By then Reich, a senior, was ready to play again. “Frank came to see me and wondered why he didn’t get his position back?” Ross said. “I told him: ‘You’re one play away, so be ready.’”)

It certainly was a halftime to remember for Ross: “It was crazy. Our starting tackle, Tony Edwards, got locked in the bathroom and couldn’t get out … Gelbaugh wasn’t playing poorly … but I put Frank in to start the second half … and he got it going. We scored two quick touchdowns. And I told [assistant coach] George Foussekis, ‘We just might be able to win this game.’”

The Terps scored six touchdowns as Reich accounted for three of them. He completed 12 of 15 passes for 260 yards. “We had the first 300-pound tackle in the ACC, J.D. Maarleveld, a transfer from Notre Dame where they took his scholarship away from him, and we began knocking [Miami] off the line of scrimmage,” Ross said.

How sweet it was, ending the Hurricanes’ dream of back-to-back national championships with what was then the greatest comeback in the history of college football. The final was 42-40, but not before Ross had more than a few anxious moments.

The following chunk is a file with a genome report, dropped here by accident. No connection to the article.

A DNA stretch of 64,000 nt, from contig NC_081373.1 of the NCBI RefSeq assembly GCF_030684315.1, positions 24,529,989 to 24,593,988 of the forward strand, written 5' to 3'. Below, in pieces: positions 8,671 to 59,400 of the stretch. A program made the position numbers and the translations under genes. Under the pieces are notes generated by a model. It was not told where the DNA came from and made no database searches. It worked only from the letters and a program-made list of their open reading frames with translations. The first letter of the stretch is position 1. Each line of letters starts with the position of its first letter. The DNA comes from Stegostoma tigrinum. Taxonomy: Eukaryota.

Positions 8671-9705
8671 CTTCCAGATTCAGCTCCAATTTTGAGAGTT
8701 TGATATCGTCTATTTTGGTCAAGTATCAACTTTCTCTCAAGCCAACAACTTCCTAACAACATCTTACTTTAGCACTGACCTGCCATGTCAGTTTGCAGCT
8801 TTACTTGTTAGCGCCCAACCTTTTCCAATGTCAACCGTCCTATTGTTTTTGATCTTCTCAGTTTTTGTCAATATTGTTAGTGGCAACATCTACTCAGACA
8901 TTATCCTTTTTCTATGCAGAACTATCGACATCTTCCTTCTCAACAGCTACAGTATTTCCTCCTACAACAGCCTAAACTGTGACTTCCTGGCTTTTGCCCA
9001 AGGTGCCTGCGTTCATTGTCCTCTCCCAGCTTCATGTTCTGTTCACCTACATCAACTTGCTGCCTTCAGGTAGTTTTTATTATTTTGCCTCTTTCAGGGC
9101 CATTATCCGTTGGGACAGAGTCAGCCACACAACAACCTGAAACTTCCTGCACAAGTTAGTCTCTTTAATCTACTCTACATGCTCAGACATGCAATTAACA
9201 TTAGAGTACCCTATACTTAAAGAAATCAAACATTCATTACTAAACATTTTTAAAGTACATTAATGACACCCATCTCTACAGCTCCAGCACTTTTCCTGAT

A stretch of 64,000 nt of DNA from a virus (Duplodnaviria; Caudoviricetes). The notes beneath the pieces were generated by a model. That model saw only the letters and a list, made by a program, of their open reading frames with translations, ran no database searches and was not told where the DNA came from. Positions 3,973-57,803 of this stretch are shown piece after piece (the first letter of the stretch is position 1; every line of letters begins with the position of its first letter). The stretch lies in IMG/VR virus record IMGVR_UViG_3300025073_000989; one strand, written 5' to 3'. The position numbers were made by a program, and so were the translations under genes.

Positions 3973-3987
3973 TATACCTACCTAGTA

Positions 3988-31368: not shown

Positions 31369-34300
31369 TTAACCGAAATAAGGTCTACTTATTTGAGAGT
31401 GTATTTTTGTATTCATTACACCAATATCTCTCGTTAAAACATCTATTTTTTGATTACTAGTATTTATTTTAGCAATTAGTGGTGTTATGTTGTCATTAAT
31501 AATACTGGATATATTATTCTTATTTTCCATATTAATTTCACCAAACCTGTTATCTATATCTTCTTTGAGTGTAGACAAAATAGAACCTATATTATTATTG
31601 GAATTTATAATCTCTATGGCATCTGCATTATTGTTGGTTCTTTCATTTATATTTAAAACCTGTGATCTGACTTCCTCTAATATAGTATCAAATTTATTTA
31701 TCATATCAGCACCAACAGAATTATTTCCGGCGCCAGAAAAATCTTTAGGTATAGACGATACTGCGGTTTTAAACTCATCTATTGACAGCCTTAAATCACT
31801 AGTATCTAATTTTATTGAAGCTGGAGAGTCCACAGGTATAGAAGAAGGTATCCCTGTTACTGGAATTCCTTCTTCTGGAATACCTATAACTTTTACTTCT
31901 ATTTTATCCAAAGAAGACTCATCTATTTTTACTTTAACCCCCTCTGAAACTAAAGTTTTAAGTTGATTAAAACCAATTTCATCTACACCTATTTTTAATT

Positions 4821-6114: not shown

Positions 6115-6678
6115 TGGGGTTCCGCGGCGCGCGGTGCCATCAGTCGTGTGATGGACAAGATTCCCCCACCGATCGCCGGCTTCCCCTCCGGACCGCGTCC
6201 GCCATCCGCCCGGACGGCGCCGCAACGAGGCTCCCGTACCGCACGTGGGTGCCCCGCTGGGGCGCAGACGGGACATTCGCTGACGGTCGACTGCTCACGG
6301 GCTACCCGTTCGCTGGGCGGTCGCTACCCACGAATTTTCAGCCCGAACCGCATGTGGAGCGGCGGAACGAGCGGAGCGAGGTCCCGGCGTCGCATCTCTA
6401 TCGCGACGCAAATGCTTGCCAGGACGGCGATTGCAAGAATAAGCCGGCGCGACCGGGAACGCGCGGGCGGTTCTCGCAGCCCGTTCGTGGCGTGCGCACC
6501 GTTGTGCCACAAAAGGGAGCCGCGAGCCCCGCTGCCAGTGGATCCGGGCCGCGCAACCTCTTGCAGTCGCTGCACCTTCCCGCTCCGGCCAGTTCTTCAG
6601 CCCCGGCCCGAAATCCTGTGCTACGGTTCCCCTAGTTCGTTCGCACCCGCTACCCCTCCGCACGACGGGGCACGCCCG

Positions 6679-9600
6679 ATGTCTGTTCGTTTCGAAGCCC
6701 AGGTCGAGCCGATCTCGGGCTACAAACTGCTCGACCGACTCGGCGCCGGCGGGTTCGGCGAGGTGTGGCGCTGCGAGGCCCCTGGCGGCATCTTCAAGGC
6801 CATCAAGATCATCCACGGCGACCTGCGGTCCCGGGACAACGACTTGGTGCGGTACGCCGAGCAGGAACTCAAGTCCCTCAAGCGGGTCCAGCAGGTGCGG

“We got ahead 42-34, and all we have to do is keep the ball,” he said. “Frank runs a bootleg, slips and falls. We line up for a punt … and our deep-snapper isn’t on the field. He’s sitting on the bench … his head is down. ‘Coach, I can’t do it!’ The pressure got to him … and I said, ‘Get your [butt] out there!’”

Bad idea. A bad snap resulted in a 14-yard loss on fourth down. Three snaps later Kosar threw his fourth TD, a five yarder, and just like that, Miami had a chance to pull even with a two-point conversion. Kosar completed a short pass to Melvin Bratton, who was kept out of the end zone by defensive back Keeta Covington. The Terps then covered the ensuing onside kick and ran out the clock.

Maryland finished the season with a seven-game winning streak, 9-3 overall. The Terps beat Virginia 45-34 in Charlottesville for the conference title then edged Tennessee 28-27 in the Sun Bowl. Miami closed with a three-game losing streak.

“You always have to believe you can win. If we didn’t, it wouldn’t have happened,” said Reich, who later would lead the Buffalo Bills to the greatest comeback in NFL history. He currently serves as coach of the Indianapolis Colts.

The Terps' place in football history lasted until 2006, when Michigan State trailed Northwestern by 35 points (38-3) – and won 41-38 in a matchup of teams with losing records.